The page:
The rise and rise of the super-rich in the West Midlands continued last year with property being the most popular route to mega-millions.
The Birmingham Post Rich List 2014 reveals that the wealthiest individuals in the region increased their fortunes last year, with three times as many reporting rising wealth than falling.
Ten of the final 50 made their fortunes from property, with a further four in construction, showing bricks and mortar are a good route to uber-wealth.
The rise of the super-rich is consistent with increasing fortunes across the UK, with the number of workers earning more than £1 million a year doubling in just two years.
But commentators are split over whether this is a sign of progress in an economy returning to growth, with some saying action must be taken to improve social mobility, with growth in six and seven-figure salaries outstripping that of ordinary wage-earners.
However, former director general of the Confederation of British Industry Lord Jones of Birmingham said the region reaps the reward of wealth creation – and would be a poorer place without the multi-millionaires.
Lord Jones said: “Would one rather have a situation where there are lots of people creating jobs in the West Midlands and paying tax in the West Midlands, or have them taxed to the point where they say it is too much trouble to do this in the West Midlands?
“When you reduce the number of wealthy people you reduce the number of jobs they create and tax they pay.
“You have got to get a happy medium between paying tax and creating jobs and not plucking too many feathers off the goose so that it ends up flying away.”
Lord Jones said the focus in the West Midlands should be on skills – rather than scape-goating the rich.
However, he believes the super-wealthy have a part to play in this, and that philanthropy should help the wider economy by “up-skilling” the region.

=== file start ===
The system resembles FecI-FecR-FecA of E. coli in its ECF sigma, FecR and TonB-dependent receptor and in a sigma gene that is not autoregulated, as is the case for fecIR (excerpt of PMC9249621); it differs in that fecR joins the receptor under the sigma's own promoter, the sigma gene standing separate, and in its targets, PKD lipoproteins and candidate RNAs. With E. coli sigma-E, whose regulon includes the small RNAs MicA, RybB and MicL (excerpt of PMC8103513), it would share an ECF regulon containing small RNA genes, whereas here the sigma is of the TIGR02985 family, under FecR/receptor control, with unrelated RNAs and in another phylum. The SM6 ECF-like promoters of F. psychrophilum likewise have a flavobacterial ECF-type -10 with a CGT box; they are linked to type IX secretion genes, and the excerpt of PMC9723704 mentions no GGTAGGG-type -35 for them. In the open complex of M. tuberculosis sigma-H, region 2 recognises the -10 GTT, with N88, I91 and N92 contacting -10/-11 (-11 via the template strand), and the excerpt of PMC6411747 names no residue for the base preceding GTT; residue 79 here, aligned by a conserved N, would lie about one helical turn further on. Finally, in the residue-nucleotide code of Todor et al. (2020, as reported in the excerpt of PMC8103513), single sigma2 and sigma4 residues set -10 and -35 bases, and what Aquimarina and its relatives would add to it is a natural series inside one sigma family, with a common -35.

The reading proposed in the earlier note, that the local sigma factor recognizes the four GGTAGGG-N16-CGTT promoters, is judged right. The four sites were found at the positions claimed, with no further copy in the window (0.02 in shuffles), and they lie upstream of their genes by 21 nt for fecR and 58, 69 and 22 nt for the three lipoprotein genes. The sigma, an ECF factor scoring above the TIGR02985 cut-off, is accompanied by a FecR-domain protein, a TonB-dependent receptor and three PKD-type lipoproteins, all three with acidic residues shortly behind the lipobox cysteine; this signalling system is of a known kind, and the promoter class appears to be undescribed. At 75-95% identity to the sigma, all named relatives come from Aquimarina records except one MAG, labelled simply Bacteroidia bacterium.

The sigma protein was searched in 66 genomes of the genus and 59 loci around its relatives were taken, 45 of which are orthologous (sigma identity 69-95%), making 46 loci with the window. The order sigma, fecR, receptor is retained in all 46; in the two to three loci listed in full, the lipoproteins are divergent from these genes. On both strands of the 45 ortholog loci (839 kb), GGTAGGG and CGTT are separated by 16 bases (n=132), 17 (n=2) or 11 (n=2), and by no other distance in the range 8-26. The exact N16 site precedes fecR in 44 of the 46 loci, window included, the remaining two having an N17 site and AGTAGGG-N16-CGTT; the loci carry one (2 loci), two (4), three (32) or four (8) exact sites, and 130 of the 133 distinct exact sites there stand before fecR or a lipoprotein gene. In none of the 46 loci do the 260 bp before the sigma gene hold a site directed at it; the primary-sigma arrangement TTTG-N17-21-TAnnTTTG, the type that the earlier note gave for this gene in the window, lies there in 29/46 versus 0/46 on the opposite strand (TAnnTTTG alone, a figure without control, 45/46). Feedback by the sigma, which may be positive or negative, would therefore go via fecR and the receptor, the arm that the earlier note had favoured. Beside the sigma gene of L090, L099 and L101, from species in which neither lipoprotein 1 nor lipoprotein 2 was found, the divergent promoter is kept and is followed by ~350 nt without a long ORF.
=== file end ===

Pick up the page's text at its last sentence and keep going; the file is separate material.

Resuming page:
The overall value of the 2014 Rich List has fallen, due to changes in the boundaries we set, although the 50 multi-millionaires on the list still have a combined value of more than £16.6 billion.
Two manufacturing bosses top the list – JCB’s Sir Anthony Bamford and Lord Paul of Marylebone, with Aston Villa chairman Randy Lerner making up a triumvirate of billionaires.
Among the new faces on the list as a result of the geographical shake-up – based around local enterprise partnership boundaries – are Prodrive chairman David Richards, Hotel La Tour backers Alan and Wendy English, Betterware tycoon Andrew Cohen, and Shabir and Afzal Alimahomed, the men behind Euro Packaging.
The value of the top 50 has increased in every year since the recession, and that continued this year, with the wealth of those remaining on the list increasing for 13 individuals, remaining the same for 15, but falling for only four.
However, Birmingham Post columnist Dr Steve McCabe believes a lot of wealth was being created on the back of debt, amid rising property prices and growing consumer borrowing in the UK.
Dr McCabe, director of research degrees for Birmingham City Business School, said the Rich List would be healthier if there was more money being made from manufacturing and less from property.
He said: “I have no problem with people setting up businesses and taking a fair slice, but that is not what this is about.
“As Will Hutton has said recently, these are the same characteristics which led to the last financial crisis, and if we don’t do anything about it then the same will happen again.”
Figures from HM Revenue & Customs last year showed there were 18,000 people earning £1 million or more in the UK in the last tax year. Just two years ago there were only 10,000 in this income bracket. This is a significant increase on the 4,000 income millionaires recorded by the Revenue in the year 2000.
The HMRC figures also show that more people are earning six-figure salaries. An additional 5,000 people now earn between £500,000 and £1 million compared with two years ago; while a further 31,000 earned between £200,000 and £500,000 and 7,000 earned between £150,000 and £200,000.